1. Submitted as additional information on behalf of davew:

        My post above was (also !) slightly vague -as it was originally intended just as a note for Stefan- but here are some more of my views/comments/data on this for anyone else contemplating such calculations:-

        -As we know the object impacted the atmosphere at a shallow angle, ~17 degrees from horizontal; first became visible at ~90Km altitude, and then ablated for the next 10 seconds or so before exploding at a height of ~30Km and (parts) continued to be visible for about another 7 seconds or so. This is well represented/recorded and thus the video evidence has produced several excellent extrapolations, as explained extensively within the video:

        The path of the object (even at 17km/s) curves gradually (and increasingly) however once the object hits the atmosphere and resultant ablation rapidly occurs, and the curving worsens as the air density increases of course. Thus the object loses a high percentage of its original mass en route through the atmosphere, typically 90% under these circumstances (but which would also thus mean there is c.50,000Kg as yet not ‘fully accounted for’ ?).

        Calculating the (final) curved path is complicated therefore by the rate of mass loss and this relies on estimates of the initial mass size/shape/composition, (the latter assumed from the pieces recovered so far to be an ordinary chondrite), the various gravitational effects on this shrinking/slowing mass and also the increase in air density as the altitude decreases; Overall quite an equation, however….

        The operative word above is ‘estimates’ of course, with resultant approximations and calculation errors… including the fact that in falling the remaining c.30Km the surviving fragments will also attain a terminal velocity…

        For example, using the optical projections (only) and these kinds of estimates it is possible that ‘the’ surviving fragment is in Lake Chebarkul – ie it simply ‘dropped short’ of the projected impact sites due to the atmospheric effects mentioned.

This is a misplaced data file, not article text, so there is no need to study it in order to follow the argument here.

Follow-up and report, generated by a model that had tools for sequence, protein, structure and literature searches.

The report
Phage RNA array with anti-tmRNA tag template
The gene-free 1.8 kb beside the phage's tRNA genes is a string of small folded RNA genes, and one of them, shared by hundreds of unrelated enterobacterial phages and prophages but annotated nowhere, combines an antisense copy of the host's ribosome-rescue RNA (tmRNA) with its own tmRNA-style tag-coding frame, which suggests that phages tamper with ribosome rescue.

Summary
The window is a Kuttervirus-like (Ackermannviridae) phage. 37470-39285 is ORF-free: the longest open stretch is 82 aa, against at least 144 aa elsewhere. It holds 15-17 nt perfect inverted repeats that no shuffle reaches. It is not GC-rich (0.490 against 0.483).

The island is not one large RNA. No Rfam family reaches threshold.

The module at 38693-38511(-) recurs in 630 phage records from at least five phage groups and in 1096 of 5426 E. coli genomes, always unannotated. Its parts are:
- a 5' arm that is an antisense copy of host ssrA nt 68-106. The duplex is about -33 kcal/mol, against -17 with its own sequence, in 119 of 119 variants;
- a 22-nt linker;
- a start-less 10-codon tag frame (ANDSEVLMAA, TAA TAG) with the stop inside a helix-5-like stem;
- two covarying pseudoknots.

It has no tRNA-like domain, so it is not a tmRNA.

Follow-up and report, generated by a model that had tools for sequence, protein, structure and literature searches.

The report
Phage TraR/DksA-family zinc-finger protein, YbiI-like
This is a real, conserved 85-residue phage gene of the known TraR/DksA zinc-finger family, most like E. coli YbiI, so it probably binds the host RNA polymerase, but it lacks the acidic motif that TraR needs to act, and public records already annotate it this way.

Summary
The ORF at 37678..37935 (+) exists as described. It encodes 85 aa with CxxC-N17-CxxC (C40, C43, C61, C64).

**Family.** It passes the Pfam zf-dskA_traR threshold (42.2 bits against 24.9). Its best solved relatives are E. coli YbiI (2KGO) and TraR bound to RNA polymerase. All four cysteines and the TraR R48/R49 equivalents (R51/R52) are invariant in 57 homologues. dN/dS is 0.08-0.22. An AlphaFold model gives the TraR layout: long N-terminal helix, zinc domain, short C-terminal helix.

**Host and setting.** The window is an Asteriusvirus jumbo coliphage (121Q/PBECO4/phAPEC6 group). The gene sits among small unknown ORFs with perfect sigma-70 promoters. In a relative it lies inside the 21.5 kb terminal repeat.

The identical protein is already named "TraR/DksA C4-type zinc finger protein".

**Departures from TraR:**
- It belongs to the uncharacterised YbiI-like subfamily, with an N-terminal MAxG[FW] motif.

However, based on the likely size of the (any) fragment in the Lake it still does not explain what exactly happened to the remainder of the object as it ablated/evaporated/exploded ! Nor does it explain what happened to those emerging fragments which were not visible, either, in the ‘strewn field’ etc. Those parts which vapourised will be present (and distributed far and wide) as condensed spherules, too. Moreover it overall also still casts some doubts on estimates (and/or composition) of the original incident object..(?)

        Moving on one can only hope that as the snow melts many other pieces (of the meteoroid and the puzzle) are actually found !

        1. It seems to be coming more clear that the main explosion represents some sort of demarcation point. Flight before that point can be extended back into space to calculate the previous orbit and flight after that point may lead to where debris was strewn and any larger fragments may have impacted.

          There’s many more videos now listed at


          several of which look useful for either timing or positioning and which haven’t been mentioned here before. Some of these have both visual and audible effects with timestamp, possibly allowing more distance calculations to be made.

          I am intrigued by /watch?v=c0AQmFnXQyQ and by /watch?v=v=y7VvBxJXG7E
          at 54° 50’ 56.53″ N 61° 33’ 15.14″ E (if I am reading the right comments)
          and by /watch?v=umBdOycWLDA
          at 54° 48′ 51.16″ N, 58° 26′ 0.97″ E.
          I’m fairly sure the main explosion ejected some fragments sideways to the left (as seen along the direction of travel) but I can’t prove it.

          Important note. Some links in this blog appear to no longer work, especially those to but this is easily fixed. Delete the “www.” part from the URL and the link will be working again.

  3. There are voices that question some aspects of this meteorite:
    – narrow atmosphere horizontal entering angle: ~17 degrees (the lesser this angle is, the greater is the chance for the object to miss the Earth)
    – just one explosion in meteorite’s disintegration
    – explosion sound was not heard in ~90 km west of Chelyabinsk(by comparison, the Sikhote-Alin meteorite was heard from ~ 300 km)
    – brown trails left on the sky, similar with a burned fuel used for rockets
    So, the question would be: was it actually a nuclear rocket disguised in a meteorite-like form ?

    1. To my eye, hundreds of videos show it behaving exactly like a meteoroid is expected to behave.

      I also don’t see a relationship between angle of attack and probability of missing earth.

  4. The main point here is that all such events are essentially unique; Unfortunately comparisons are inevitable (even if inappropriate, as we have simply not seen enough such events): That said some aspects of this event are certainly ‘similar’ to the “Grand Teton” (’72) event, and which was a ‘grazer’ due to a very shallow angle of attack:

  5. @g1smd: